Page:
5. Persncikety14 November, 2014

    Consumers don’t want subscriptions for books, or access to thousands of titles. So why do libraries exist? Given that the model for modern public libraries (as opposed to academic) was the subscription library, this is someone who doesn’t understand the history of his own industry.

    1. Nate Hoffelder15 November, 2014

      I was going to mention that, but libraries aren’t quite the same thing. The services looks similar, but consumers aren’t directly paying for libraries out of their own pocket.

      1. jafmaw15 November, 2014

        Which is precisely why I personally do not subscribe to a service such as Oyster or Scribd: The combination of borrowing from my library’s e-lending service and purchasing those books my library does not carry was still less expensive than either subscription service for the number of books I tend to read in a given month.

        The subscription model is not compelling enough for my usage pattern.
        Just as bad as the recurring expense of the services is that no service carried all the books I wanted to read in the month I looked into them.

      2. persnickety16 November, 2014

        The very earliest public libraries (as in not academic and not the personal library of a wealthy person) were subscription based. And the level of access you got depended on the price of your subscription- there were a range of prices.
        Well into the 19th century they were businesses that provided access to books.
        Although the rise of Penguin (cheap books) probably was one of the final death blows…

  6. Daniel Vian14 November, 2014

    Weldon’s ideas are moronic. The evidence is that Kindle Unlimited in the UK is flourishing–so the Brits do like subscriptions. Maybe they just don’t like subscriptions to a single publisher, which is understandable. Who needs a library that contains only Penguin/RandomHouse books?

  7. Bob W14 November, 2014

    I think he was very clear, “Weldon said the company did not understand the business model, and who made money” ergo consumers don’t want it. [please, please, pretty please]

  8. Fbone14 November, 2014

    Are any subscription service profitable?

    1. Thomas14 November, 2014

      I don’t think any of the book subscription services are making money yet. It’s a similar situation to Netflix when it was getting started with DVDs. You’re not going to make money until you can attract some customers who will pay for the service but then only read 1 or 2 books a month. Heavy readers cost more than they bring in.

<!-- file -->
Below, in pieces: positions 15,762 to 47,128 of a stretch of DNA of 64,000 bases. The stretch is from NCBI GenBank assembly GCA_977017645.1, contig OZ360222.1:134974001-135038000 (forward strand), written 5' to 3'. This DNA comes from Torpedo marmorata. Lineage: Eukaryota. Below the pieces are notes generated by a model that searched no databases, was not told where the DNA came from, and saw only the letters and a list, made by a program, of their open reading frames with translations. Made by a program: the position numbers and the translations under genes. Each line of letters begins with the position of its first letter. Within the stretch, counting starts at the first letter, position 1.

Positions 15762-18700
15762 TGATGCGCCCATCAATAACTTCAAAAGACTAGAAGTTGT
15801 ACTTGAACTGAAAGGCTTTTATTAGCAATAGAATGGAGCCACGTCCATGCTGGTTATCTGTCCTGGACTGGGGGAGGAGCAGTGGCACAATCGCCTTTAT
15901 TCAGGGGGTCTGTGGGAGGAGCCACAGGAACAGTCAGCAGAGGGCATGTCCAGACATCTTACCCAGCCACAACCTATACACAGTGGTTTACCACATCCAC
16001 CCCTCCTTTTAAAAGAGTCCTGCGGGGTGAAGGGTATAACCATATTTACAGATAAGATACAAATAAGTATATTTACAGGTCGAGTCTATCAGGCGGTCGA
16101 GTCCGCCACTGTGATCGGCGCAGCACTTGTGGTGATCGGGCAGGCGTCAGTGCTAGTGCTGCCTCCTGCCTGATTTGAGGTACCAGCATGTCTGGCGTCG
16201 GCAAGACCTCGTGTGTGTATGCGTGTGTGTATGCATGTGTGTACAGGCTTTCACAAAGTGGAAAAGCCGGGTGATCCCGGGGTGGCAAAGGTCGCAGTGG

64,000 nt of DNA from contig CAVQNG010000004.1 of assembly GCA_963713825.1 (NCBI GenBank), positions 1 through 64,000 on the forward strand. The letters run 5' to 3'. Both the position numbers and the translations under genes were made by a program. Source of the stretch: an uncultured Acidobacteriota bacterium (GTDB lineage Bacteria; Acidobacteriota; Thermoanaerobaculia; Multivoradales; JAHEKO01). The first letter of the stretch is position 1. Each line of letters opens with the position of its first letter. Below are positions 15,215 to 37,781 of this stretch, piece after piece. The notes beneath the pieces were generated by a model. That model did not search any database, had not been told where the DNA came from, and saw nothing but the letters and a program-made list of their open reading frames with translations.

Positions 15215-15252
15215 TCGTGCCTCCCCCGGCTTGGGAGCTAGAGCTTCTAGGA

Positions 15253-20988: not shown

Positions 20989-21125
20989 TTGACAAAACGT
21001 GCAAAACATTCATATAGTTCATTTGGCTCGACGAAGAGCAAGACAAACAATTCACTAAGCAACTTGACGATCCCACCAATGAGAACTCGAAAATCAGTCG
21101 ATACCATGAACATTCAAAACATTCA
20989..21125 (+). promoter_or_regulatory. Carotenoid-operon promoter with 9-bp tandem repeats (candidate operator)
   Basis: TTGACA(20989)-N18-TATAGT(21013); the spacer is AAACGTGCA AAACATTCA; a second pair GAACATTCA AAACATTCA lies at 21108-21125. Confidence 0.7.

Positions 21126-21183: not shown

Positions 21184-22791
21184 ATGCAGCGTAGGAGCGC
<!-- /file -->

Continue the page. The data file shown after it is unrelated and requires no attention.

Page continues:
9. Felipe Adan Lerma15 November, 2014

    This is the same mis-direction as the billionaire (millionaire?) music streaming guy saying Taylor Swift was wrong in not wanting to distribute her music for pennies through someone making good money from artists making pennies.

    Studies I’ve read about say a significant number of folk (myself included) prefer subscriptions in general. Terms and titles available are the details that make one subscription program a deal breaker of choice over another. Just like any other business model.

    I subscribe to both Scribd and Kindle Unlimited.

  10. AltheGreatandPowerful16 November, 2014

    One point of anecdotal evidence for big libraries…
    I polled a friend who’s a bibliovore like me… just the non-fiction section of his e-library is 17, 490 files.

  11. AltheGreatandPowerful16 November, 2014

    I do still keep bookshelves, but If I had ebooks for everything I’ve bought (or used for school/work/job research) I’d have that many too. I do have a lot of ebooks, in a variety of formats, but not like that. Yet.

  12. […] CEO of Penguin Random House UK says readers don’t want subscription services […]

  13. […] used consumers as an excuse for avoiding this market. Penguin Random House UK Tom Weldon made a similar argument last November which made as little sense then as Nourry's argument does […]

  14. […] Random House UK CEO Tom Weldon might not have understood the subscription business model in November 2014, but that hasn't stopped him from signing a deal to distribute audiobooks to […]